Over the first 10 years of our careers, Daniel Nestor and I were a very successful doubles team. At the time, though, both of us were focused primarily on singles. We rarely did any doubles drills or practiced together, and our coaches concentrated on our singles results. But Daniel had a big lefty serve, I was very good at volleying, and we both liked to come to net. So the way we played singles transitioned very well to the doubles court, and we were able to achieve a lot of success naturally.
Towards the second parts of our careers, we focused more on doubles. That’s when we worked with a doubles-specific coach—which paid huge dividends. Scott Davidoff was a big part of the success Daniel and I achieved; John Farrington and Martin Laurendeau, two Davis Cup captains, also knew the intricacies of doubles and gave us an edge. The Bryan brothers have always worked with a doubles-only coach, primarily David Macpherson.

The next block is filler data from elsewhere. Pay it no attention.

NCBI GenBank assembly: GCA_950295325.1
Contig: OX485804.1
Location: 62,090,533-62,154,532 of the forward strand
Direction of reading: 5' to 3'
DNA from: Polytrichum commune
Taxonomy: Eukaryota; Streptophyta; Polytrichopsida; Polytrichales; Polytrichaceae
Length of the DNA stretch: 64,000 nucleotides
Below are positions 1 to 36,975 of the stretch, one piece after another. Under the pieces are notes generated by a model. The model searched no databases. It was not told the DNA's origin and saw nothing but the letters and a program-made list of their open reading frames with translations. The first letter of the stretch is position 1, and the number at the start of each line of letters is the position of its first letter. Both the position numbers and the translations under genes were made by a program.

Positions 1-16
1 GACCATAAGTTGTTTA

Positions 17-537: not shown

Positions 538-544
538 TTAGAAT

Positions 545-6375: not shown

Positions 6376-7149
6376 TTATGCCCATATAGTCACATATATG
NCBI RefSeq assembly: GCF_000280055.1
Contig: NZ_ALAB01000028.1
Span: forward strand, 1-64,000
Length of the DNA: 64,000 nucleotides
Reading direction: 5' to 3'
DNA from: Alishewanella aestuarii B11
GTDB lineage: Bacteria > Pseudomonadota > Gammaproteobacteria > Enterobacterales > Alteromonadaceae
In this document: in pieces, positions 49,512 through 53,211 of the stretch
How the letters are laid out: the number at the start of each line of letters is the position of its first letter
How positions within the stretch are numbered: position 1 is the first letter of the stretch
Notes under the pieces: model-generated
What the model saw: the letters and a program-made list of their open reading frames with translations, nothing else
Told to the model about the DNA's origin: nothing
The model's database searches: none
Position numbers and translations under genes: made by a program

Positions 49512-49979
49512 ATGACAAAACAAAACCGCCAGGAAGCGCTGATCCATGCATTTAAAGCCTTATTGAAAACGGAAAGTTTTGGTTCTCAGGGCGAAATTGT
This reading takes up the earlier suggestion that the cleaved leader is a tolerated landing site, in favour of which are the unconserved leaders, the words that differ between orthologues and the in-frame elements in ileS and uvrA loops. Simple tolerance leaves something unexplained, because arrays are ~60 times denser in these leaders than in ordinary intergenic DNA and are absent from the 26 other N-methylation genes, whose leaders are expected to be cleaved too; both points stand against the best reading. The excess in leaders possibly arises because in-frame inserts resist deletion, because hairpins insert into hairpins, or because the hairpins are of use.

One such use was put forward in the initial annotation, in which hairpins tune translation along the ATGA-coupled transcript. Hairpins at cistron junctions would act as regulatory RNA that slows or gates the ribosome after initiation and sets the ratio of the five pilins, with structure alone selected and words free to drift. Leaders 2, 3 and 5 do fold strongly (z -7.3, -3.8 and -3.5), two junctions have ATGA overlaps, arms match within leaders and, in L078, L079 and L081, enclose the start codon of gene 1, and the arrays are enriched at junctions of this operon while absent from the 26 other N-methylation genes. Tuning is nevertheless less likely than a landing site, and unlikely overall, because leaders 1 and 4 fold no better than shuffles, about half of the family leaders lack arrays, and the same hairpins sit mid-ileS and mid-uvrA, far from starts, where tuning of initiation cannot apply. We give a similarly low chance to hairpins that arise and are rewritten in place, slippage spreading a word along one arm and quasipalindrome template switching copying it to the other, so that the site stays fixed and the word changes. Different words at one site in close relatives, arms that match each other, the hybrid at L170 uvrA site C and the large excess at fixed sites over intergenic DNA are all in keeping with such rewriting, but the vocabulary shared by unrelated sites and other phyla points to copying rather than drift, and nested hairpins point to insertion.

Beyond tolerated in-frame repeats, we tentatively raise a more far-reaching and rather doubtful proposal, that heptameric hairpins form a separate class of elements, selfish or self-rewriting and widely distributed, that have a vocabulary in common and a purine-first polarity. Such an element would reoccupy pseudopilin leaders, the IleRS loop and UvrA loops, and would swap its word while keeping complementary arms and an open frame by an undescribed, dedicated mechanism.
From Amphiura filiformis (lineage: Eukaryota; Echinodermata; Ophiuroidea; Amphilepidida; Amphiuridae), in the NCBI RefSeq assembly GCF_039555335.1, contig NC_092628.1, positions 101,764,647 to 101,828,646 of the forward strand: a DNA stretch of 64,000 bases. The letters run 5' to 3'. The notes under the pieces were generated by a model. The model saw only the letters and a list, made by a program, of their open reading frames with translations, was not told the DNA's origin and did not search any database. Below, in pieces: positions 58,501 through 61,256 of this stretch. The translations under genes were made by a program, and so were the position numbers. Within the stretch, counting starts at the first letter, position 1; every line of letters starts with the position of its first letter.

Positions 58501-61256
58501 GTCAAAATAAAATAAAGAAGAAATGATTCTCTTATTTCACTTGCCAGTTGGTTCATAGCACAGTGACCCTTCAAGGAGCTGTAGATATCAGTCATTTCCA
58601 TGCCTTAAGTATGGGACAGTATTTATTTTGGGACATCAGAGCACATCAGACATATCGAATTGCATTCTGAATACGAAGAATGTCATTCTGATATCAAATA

In doubles, the margins of victory are so thin, and they’ve gotten even thinner because of the increase in power. The game has changed; more players are standing at the back of the court than ever. Players have to evolve with the game, and some of the more successful teams now have a doubles-specific coach to help with that adjustment.
Let’s consider Jamie Murray. He wasn’t making significant inroads in singles, by his own admission, so he pursued a career in doubles. He began investing more time with coach Louis